On first impressions, this new spooky drama is lazy – and a bit derivative. The title where the protagonist’s name has been manipulated to accommodate a clichéd phrase has been overdone (from Crazy Like A Fox to Sweet Medicine). And the show owes a huge debt to sci-fi classic Quantum Leap, which also involved a time-traveller who aided those whose lives were wrongly harmed. (More recently, Early Edition and The Dead Zone have also used this device).
To establish that Eliza Dushku’s Tru is a maverick, but is also intelligent, we see her racing from her apartment because she’s late for her graduation. She makes it, just, but then discovers her medical school funding has fallen through so she takes a job in the morgue to make ends meet.
The morgue is run by a wide-eyed geeky boss, one of only two physically unattractive characters in the show, who leads her to the crypt which contains the corpses of “people who died before their time” – a major theme. Working alone later that night, her first corpse is brought in, a young woman with a gunshot wound to the head. As Tru examines her, she starts pleading for help. It’s at that moment the supernatural element kicks in as Tru is sucked back through time to the start of that day so she has the chance to ensure the woman doesn’t die “before her time”.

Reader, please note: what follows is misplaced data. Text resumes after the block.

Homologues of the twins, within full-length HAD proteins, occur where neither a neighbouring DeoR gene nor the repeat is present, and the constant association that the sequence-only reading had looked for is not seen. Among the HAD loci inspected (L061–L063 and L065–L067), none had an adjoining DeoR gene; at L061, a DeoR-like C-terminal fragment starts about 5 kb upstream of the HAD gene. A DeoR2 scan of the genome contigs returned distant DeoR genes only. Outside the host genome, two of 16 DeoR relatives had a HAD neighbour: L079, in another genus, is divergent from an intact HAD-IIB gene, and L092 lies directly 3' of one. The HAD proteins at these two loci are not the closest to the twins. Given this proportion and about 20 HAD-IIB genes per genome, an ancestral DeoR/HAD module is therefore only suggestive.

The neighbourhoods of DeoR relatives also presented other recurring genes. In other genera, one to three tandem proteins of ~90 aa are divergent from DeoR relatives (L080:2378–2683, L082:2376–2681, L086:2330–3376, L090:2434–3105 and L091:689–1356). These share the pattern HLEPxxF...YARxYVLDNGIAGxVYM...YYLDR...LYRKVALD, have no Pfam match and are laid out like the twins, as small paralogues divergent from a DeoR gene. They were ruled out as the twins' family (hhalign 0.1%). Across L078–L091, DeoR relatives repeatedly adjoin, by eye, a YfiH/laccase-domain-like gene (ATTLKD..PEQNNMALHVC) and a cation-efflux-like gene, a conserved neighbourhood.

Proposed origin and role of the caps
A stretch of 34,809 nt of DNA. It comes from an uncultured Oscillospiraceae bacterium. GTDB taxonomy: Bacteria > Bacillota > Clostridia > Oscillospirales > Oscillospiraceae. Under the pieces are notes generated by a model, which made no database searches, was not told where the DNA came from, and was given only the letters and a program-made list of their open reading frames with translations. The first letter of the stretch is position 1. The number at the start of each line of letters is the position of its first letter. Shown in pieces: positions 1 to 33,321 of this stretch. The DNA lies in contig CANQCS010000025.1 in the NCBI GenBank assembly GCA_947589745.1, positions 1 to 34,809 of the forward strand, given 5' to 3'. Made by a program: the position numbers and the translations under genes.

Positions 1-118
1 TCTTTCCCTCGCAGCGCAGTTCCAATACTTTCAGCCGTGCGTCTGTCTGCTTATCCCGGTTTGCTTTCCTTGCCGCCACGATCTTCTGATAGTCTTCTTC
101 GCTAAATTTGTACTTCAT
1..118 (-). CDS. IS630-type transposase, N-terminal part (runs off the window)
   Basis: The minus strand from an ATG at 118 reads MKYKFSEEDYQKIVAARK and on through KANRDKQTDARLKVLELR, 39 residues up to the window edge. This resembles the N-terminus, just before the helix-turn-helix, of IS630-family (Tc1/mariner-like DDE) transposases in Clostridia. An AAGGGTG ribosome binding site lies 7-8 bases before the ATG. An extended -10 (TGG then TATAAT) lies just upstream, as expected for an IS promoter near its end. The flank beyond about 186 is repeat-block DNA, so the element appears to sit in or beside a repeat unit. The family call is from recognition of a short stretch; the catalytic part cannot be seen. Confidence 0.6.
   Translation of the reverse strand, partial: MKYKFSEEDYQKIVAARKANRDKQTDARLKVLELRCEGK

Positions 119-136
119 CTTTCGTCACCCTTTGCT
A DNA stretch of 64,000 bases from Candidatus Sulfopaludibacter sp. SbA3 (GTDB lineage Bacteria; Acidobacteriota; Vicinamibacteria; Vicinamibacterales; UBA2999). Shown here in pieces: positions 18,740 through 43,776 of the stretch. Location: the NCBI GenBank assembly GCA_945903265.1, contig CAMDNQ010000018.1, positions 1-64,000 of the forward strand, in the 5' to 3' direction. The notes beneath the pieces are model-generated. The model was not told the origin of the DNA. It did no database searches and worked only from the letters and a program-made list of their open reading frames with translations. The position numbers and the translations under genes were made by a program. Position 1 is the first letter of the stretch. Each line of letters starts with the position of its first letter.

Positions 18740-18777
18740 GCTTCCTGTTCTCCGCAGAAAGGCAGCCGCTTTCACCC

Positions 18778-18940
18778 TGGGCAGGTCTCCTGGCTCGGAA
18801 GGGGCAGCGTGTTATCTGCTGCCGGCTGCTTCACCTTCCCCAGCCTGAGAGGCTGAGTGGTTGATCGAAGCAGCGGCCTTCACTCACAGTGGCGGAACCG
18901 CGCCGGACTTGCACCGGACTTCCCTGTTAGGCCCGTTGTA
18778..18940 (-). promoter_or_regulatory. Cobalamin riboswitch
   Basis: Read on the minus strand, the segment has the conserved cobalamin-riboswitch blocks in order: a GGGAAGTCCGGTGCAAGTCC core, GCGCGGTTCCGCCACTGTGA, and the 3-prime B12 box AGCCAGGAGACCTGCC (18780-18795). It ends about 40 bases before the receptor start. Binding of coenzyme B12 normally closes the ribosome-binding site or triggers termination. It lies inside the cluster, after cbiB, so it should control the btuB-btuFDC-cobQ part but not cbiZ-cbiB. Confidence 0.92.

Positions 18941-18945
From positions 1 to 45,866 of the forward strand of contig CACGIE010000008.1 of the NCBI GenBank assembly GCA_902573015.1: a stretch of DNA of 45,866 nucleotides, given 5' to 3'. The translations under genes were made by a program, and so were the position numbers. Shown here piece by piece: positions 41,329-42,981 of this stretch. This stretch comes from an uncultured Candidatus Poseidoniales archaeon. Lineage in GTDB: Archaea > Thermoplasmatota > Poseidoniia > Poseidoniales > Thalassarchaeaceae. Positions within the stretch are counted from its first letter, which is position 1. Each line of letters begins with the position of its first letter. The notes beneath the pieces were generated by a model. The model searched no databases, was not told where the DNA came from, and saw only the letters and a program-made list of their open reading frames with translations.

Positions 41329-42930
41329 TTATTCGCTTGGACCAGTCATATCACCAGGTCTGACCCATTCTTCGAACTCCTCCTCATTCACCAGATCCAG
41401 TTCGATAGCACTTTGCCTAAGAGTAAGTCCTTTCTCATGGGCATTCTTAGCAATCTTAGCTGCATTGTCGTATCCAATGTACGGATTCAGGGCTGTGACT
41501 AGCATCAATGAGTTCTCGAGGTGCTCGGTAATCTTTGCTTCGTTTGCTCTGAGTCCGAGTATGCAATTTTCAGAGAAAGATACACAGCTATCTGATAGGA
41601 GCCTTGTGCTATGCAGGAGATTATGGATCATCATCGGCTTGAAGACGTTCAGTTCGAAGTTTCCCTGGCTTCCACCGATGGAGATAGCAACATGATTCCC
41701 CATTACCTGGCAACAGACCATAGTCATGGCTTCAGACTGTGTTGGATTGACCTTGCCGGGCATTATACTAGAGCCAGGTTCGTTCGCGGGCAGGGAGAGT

Tru quickly tracks down the murder victim and prevents her from revealing to her married lover that she is pregnant, as Tru fears he is the killer. But when they return to her apartment they are confronted by a gun-wielding obsessive ex-lover who is disarmed by a high-kick that Dushku seems to have brought from her role in Buffy.
Tru then happily sits down for a meal with her brother (a reckless gambler) and her sister (a lawyer with a cocaine habit), both of whom she has used her Groundhog Day to help out of crises, until there is one rather weak twist at the end.
And it is the placid resolution of the twist that identifies a big flaw – Tru seems to be infallible. It may have been better for one of her three quests in this episode to have ended in failure to show that time-travel can’t solve all your problems and that fate somehow has a way of claiming its own, but as a pilot it did set up an interesting concept that has potential. However, the notion of a perfect heroine has to be dropped – even Superman was averse to Kryptonite.